Former detainees say they were forced to eat pork in re-education camps and detention centres.
The United Kingdom will call on Monday for the United Nations to be given “urgent and unfettered” access to Xinjiang to investigate reports of abuses in the far western Chinese region, as Britain returns to the UN Human Rights Council as a voting member.
British Foreign Secretary Dominic Raab is also expected to condemn the rights record of fellow council members China and Russia and raise concerns about Myanmar and Belarus, his office said.
On China, Raab will refer to reports of abuses in Xinjiang, including torture, forced labour and the forced sterilisation of women. “They are taking place on an industrial scale,” he will tell the meeting, according to his office.
“The UN High Commissioner for Human Rights, or another independent fact-finding expert, must – and I repeat must – be given urgent and unfettered access to Xinjiang.”
China has been widely condemned for detaining hundreds of thousands of people in Xinjiang and placing them in what it calls “vocational training centres” that it says are necessary to stamp out “extremism” and give people new skills. China’s critics have called them concentration camps.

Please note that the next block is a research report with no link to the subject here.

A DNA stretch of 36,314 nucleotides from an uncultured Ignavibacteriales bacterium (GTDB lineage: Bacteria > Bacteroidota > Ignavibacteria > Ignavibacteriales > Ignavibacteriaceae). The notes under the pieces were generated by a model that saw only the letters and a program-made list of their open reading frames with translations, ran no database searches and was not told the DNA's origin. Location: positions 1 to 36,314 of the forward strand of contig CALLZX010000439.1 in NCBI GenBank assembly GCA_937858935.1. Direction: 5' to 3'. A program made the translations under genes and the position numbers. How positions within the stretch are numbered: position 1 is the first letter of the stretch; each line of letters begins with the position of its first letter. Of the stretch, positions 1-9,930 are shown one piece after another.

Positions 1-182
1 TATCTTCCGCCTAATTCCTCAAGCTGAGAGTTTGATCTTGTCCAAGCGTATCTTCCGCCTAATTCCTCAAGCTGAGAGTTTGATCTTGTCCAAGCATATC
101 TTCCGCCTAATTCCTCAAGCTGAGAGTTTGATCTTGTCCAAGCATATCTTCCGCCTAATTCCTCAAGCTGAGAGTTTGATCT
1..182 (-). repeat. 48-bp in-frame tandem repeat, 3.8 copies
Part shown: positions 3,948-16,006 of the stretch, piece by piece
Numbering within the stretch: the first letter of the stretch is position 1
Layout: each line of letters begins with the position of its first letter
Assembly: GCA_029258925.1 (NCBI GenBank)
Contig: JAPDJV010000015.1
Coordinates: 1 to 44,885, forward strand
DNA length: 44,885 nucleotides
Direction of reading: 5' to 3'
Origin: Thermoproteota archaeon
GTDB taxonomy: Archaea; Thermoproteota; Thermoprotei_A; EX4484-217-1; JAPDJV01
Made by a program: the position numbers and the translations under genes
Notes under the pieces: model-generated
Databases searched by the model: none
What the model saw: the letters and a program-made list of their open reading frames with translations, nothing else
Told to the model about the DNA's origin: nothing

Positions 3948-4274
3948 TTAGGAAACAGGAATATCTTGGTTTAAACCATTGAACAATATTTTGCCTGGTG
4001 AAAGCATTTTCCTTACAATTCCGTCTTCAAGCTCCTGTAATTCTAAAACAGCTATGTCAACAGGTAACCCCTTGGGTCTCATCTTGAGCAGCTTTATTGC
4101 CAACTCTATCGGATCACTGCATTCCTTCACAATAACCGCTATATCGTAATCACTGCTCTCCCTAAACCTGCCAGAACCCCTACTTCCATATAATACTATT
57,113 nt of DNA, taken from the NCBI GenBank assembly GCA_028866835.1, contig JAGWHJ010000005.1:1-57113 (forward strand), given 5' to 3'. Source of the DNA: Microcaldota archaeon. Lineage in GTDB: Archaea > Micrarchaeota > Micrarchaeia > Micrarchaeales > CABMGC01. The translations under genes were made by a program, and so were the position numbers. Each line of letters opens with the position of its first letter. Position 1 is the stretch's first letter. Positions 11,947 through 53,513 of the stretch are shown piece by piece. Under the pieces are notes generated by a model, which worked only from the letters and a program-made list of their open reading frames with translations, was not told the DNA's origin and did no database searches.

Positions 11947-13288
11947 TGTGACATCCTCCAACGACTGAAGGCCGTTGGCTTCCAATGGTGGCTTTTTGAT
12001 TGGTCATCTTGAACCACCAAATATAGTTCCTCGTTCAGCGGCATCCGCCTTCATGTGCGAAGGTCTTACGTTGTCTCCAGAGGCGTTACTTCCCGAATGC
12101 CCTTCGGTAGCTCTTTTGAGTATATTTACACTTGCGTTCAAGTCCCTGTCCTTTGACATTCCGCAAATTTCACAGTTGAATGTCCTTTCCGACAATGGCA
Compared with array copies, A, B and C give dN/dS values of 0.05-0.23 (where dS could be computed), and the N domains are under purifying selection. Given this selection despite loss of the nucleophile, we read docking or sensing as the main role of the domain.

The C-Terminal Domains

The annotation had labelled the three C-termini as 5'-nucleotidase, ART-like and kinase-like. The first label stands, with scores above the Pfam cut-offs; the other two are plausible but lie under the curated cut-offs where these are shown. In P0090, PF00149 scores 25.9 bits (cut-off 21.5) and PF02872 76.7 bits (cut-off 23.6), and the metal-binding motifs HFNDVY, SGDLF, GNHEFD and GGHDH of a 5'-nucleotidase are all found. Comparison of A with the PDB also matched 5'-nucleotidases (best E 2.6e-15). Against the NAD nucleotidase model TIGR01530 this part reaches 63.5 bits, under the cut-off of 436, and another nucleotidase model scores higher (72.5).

United Nations human rights chief Michelle Bachelet has been calling on China to allow her to visit the region since December 2018. A year ago, she asked for “unfettered access” to the region.
Beijing has previously said it would welcome UN officials in Xinjiang providing that they stay out of the country’s internal affairs.
An Australian think-tank last year reported China was expanding its network of detention centres in Xinjiang, even as it said it was winding down the “re-education” programme.
The Australian Strategic Policy Institute (ASPI) said it had identified more than 380 “suspected detention facilities” in the region, where the United Nations says more than one million Uighurs and other mostly Muslim Turkic-speaking residents have been held in recent years.
Raab will also raise the “disgraceful” treatment of Kremlin critic Alexei Navalny, the crisis in Myanmar and the situation in Belarus, his office said. He will set out steps Britain has taken to address these issues, such as sanctions, and encourage others to follow.
The Human Rights Council is due to begin its annual session on Monday.